In this edition of InfoRM:
Human Rights Review Tribunal awards $70,000 for emotional distress damages against a blogger
The Human Rights Review Tribunal (Tribunal) has again demonstrated its willingness to award significant awards for emotional distress in its latest decision concerning blogger Cameron Slater. It is a significant decision on the meaning of what is protected as "news activity" and provides an interesting case study of the wide reach of the Privacy Act and the potential for it to provide an alternative remedy to pursuing defamation proceedings through the courts.
Mr Slater was accused of publishing personal information as supposed justification for blogs he had written, described by the Tribunal as an "extended assassination" of character of the complainant. Mr Slater sought to rely on a defence available under the Privacy Act for the publication: he argued that he is a "news medium" and the publication of the personal information was a "news activity" and therefore not covered by the Privacy Act. In separate proceedings, the High Court held Mr Slater failed to mount a credible defence to a claim of defamation.
The Tribunal concluded that Mr Slater was a news medium but that his disclosure of the personal information (in most cases) was not a news activity. The Tribunal concluded it was implicit that the exception should be limited to "responsible news activity". That has potentially wide ramifications for other news media should they publish information that falls short of the Tribunal's threshold of responsible activity. The Tribunal considered 12 blog posts with this lens, finding that only one was a news activity. The Tribunal considered the remainder could in no way be considered to be news, or observations on news or current affairs, and the news activity exception was unavailable to Mr Slater.
The Tribunal readily concluded there was an interference with privacy. In considering what emotional harm damages to award, the Tribunal considered the following factors justified an award within the third (and highest) band of emotional distress damages:
- the fact the medium of publication was a blog with unrestricted access by the public;
- disclosure was for a continuous period of six months;
- disclosure was part of an "extended assassination" of character;
- the allegations and opinions of Mr Slater were "extreme"; and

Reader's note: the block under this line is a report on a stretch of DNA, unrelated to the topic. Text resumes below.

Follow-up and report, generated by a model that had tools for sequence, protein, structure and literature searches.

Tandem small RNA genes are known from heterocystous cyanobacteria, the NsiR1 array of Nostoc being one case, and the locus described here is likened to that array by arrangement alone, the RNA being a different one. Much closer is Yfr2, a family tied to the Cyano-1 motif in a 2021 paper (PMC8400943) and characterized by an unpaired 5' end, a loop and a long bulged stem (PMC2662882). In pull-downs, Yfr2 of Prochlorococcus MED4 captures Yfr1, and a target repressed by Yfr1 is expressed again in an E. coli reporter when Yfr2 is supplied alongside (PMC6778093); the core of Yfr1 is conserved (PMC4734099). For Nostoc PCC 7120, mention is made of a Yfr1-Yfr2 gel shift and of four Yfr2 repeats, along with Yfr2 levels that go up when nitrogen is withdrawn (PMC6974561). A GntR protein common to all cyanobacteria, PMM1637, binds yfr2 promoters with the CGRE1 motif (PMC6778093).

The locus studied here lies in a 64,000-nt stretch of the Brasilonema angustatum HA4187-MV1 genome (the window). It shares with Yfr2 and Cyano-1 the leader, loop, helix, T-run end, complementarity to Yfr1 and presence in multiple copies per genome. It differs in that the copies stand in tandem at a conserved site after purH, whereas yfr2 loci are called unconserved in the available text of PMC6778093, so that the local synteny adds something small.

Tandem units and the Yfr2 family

- the serious effect of the disclosures on the complainant.
An award of $70,000 is the third highest award made by the Tribunal for emotional distress damages. This continues the trend of the Tribunal taking a strong stance against deliberate breaches of privacy.
What about the Privacy Bill amendments?
In a previous edition of InfoRM (available here), we noted changes were proposed by the Justice Committee to the Privacy Bill relating to the definitions of "news activity" and "news medium" (now, "news entity"):
- A new element has been introduced to the definition of news entity: being subject to an appropriate regulatory body. Blogs can be regulated, but will not necessarily be, and this requirement should make it reasonably easy to identify whether a blogger or other commentator is a news entity.
- The Justice Committee recommends a definition of "news activity" that explicitly covers non-traditional journalistic works. The Tribunal's view that the news activity must be responsible will presumably continue to be applied.
Privacy issues surrounding the use of DNA in criminal investigations
The Law Commission is calling for submissions on their review of the Criminal Investigations (Bodily Samples) Act 1995 (CIBS Act). The CIBS Act grants Police the powers to collect, retain and use DNA in criminal investigations, and also regulates two DNA profile databanks. The issues paper, released by the Law Commission in December 2018, considers whether the CIBS Act is keeping pace with developments in forensic science, international best practice and public attitudes and whether it gives appropriate recognition to law enforcement values and human rights, including the right to privacy.
The Law Commission has identified a number of issues with the CIBS Act, concluding it is time for a new Act. Among those concerns are some that touch directly on privacy, including:
- What DNA can reveal: advances in technology mean investigators can infer information about a person's ethnicity or establish whether they have a genetic disorder or previously unknown genetic relationships. The Commission was concerned that this could lead to an infringement on the "right not to know" things about oneself.
- "Collective privacy interest" in DNA: personal information is information "about an identifiable individual" but that same information can be about more than one person. DNA is a prime example of information that may have a "collective" privacy interest, as a suspect can be identified from a relative's DNA. Over half of the profiles in the known person databanks were originally provided by consent, but those people were not told about the possibility of their DNA being used for familial searching when consent was given.
- Duration of retention of DNA samples: there have been situations where DNA samples have erroneously not been deleted from a DNA databank and where profiles are being retained on a databank longer than is necessary to achieve the original purpose of their collection. Both situations are inconsistent with the principle that agencies should not keep personal information for longer than the purpose for which it was collected.
The Law Commission suggests that any new Act will need to carefully consider where intrusions on privacy are necessary for law enforcement and ensure that such intrusions are minimised. Submissions on this issues paper are open until 31 March 2019.